Age Class Structure - Explore the Science & Experts | ideXlab

Scan Science and Technology

Contact Leading Edge Experts & Companies

Age Class Structure

The Experts below are selected from a list of 13815 Experts worldwide ranked by ideXlab platform

Age Class Structure – Free Register to Access Experts & Abstracts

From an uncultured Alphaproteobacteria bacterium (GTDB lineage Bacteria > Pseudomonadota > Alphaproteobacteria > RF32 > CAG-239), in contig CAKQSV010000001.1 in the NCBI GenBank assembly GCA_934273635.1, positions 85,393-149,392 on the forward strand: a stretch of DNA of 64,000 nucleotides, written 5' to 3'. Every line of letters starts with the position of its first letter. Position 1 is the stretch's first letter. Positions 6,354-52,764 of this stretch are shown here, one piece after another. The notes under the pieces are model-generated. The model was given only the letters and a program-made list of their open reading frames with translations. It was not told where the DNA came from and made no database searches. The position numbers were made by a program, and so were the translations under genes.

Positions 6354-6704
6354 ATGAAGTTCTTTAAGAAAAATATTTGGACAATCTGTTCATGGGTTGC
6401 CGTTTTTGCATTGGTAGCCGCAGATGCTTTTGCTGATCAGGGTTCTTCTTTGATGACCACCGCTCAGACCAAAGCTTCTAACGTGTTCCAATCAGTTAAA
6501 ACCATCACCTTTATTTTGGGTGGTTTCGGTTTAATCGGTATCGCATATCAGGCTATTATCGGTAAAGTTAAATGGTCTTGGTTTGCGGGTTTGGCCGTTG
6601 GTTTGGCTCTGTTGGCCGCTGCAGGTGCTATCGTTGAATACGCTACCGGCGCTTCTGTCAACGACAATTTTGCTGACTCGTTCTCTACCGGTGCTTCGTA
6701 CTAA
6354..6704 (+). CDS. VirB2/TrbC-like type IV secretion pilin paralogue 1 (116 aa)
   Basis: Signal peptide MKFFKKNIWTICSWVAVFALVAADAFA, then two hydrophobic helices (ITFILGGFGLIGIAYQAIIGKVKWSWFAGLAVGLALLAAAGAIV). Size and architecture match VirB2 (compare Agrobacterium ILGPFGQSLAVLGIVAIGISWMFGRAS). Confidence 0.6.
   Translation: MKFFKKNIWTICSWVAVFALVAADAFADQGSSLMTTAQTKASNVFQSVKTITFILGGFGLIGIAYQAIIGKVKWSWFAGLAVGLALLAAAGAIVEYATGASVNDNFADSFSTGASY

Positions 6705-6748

Werner A Kurz – One of the best experts on this subject based on the ideXlab platform.

  • accounting of forest carbon sinks and sources under a future climate protocol factoring out past disturbance and manAgement effects on Age Class Structure
    Environmental Science & Policy, 2008
    Co-Authors: Hannes Bottcher, Werner A Kurz, Annette Freibauer
    Abstract: